It’s this culture of silence that makes it possible for artists to get away with assaulting women, even when there’s video evidence of violent behavior, resulting in intricate, messy, and downright dumbfounding situations. This was the case for rapper Fabolous, who turned himself in to authorities after an alleged domestic violence dispute in March with longtime partner Emily Bustamante, known publicly as Emily B. According to court documents, the rapper hit Emily B in the face seven times — she lost her two front teeth — and threatened the lives of her father and brother. Soon after, TMZ obtained video footage of Fabolous verbally threatening Emily B and her father while holding a sharp object in the driveway of their Englewood, New Jersey, home. Despite this, many of his fans still came to his defense online, noting that he never touched her in the video. Fabolous’s lawyer also maintains his client did not commit any crime. What the video did show, however, is a number of red flags, including the reality of Fabolous’s belligerent behavior, the validity of Emily B’s fear, and the gravity of what their family has witnessed.
By Mother’s Day, the couple had reconciled, as evidenced by this tribute post to her on his Instagram. During the summer they were seen publicly at Pusha-T’s wedding — where peers like Trey Songz (who was also arrested on felony domestic assault charges in March) were photographed smiling with Fabolous — and vacationing with their children in matching outfits. Too often, a woman taking back her abuser is incorrectly perceived as her also taking back her accusations or consenting to abuse. But whatever reasons Emily B has for staying in her relationship, it doesn’t justify Fabolous’s recorded behavior and alleged conduct. And while their family and friends seemed willing to look the other way, the courts were not. On Oct. 10, Fabolous was indicted by a New Jersey grand jury on four felony charges related to the assault and is facing possible jail time. Emily’s father is reportedly willing to testify on the rapper’s behalf now that the family has reunited, which begs the question — when does taking a stand against the violence toward women go beyond supporting the victim’s wishes? Is it up to Emily, who receives financial support from Fabolous, to lead the charge for her own justice? Or does her silence relinquish any ethical responsibility you have while rapping along to his music?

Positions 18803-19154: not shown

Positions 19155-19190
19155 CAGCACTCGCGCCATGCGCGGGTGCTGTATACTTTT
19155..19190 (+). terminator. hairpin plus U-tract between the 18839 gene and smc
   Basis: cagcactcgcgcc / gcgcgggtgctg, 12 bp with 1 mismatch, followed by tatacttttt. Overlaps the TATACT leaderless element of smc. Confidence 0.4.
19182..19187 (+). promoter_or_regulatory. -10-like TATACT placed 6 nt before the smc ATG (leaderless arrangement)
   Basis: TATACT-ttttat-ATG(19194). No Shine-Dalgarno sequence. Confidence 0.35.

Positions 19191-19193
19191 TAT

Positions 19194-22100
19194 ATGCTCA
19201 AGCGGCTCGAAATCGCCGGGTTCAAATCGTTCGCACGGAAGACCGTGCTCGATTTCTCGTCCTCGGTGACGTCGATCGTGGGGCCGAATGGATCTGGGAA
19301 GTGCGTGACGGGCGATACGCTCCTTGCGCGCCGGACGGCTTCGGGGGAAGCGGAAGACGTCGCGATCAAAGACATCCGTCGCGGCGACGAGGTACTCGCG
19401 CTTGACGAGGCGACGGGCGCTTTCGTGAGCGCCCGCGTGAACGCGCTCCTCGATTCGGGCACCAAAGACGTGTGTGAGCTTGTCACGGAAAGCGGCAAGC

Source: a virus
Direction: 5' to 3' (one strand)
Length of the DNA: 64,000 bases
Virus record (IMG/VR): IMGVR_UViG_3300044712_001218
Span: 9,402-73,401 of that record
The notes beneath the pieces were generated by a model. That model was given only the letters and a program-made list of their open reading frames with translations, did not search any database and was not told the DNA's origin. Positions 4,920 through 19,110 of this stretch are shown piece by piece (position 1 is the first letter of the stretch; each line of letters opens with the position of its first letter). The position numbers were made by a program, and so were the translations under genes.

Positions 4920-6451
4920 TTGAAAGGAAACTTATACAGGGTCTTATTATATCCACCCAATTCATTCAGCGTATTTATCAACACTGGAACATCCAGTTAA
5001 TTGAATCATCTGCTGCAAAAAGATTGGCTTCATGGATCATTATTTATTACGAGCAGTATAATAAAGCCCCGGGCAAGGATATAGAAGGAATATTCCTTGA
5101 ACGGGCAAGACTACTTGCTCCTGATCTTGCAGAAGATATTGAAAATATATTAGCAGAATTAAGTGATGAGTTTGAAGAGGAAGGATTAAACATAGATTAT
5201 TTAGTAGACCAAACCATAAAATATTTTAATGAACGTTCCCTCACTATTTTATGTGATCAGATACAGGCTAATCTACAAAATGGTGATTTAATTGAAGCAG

In examining the industry’s pitiful response to #MeToo, if the lack of action rests on fans’ refusal to hold beloved artists accountable, then one might suspect the reaction would change, were the couple both music darlings. However, this was not the case between Nas and Kelis, who were a power hip-hop couple, once upon a time. In late April, Kelis revealed a history of alleged domestic abuse she endured during her relationship with one of the genre’s most legendary emcees. In a sit-down interview with Hollywood Unlocked, Kelis said that Nas would often get physically violent with her after a night of partying and then forget the entire incident by morning. She noted that she would fight back and recalled a particular memory from 2009: “When the Rihanna and Chris Brown pictures came out, I thought about coming out because I also had bruises all over my body,” she said. “But I didn’t say anything because I’m private. But seeing her the way she looked and then looking at myself…I felt embarrassed.”
The allegations from Kelis were devastating not just because of their nature, but because Nas had presented himself as one of the genre’s few good men: a laid-back, fairly scandal-free, socially conscious lover of black history and black women. However, many forgot that the rapper’s ex-girlfriend and mother of his first child, Carmen Bryan, also accused him of physical abuse in her 2007 memoir. Despite Kelis’s celebrity and Bryan’s forgotten accusations being brought to light, the allegations only caused a few waves and ultimately have had little effect on Nas’ career. Much like Brown after his violent incident with Rihanna, Nas was able to release new music to a warm reception from fans: He dropped Nasir two months after Kelis’s accusations and it became his 12th Top 10 album on Billboard. The album was produced by Kanye West, who attended Nas’ star-studded release party along with Kim Kardashian West, La La Anthony, 2 Chainz, Pusha-T, Steve Stoute, Chris Rock, and Fabolous.
Russell Simmons’ fall from grace is the closest thing to a #MeToo reckoning with professional consequences the industry has experienced. The music mogul stepped down from all of his companies in November 2017, a month after Weinstein’s takedown, when screenwriter Jenny Lumet accused him of forcing her to have sex with him in 1991. Since then, 18 women have come forward with accusations that Simmons raped or sexually harassed them, including Drew Dixon, who detailed her accusations of rape on the air for the first time on BuzzFeed News’ Profile. The NYPD opened an investigation into Simmons in December, but according to the New York Times, several of the women said the police told them that their allegations were outside of the statute of limitations for rape. A law enforcement official at the time said the police still took reports from the women in case more recent and prosecutable complaints surfaced. But it’s almost been a year since the investigation was opened and no official charges have been made. Simmons has denied all claims against him, and with the exception of his ex-wife, Kimora Lee Simmons, who said the accusations don’t match the character of the man she’s known him to be, his family and peers have remained silent about the Def Jam cofounder’s list of victims.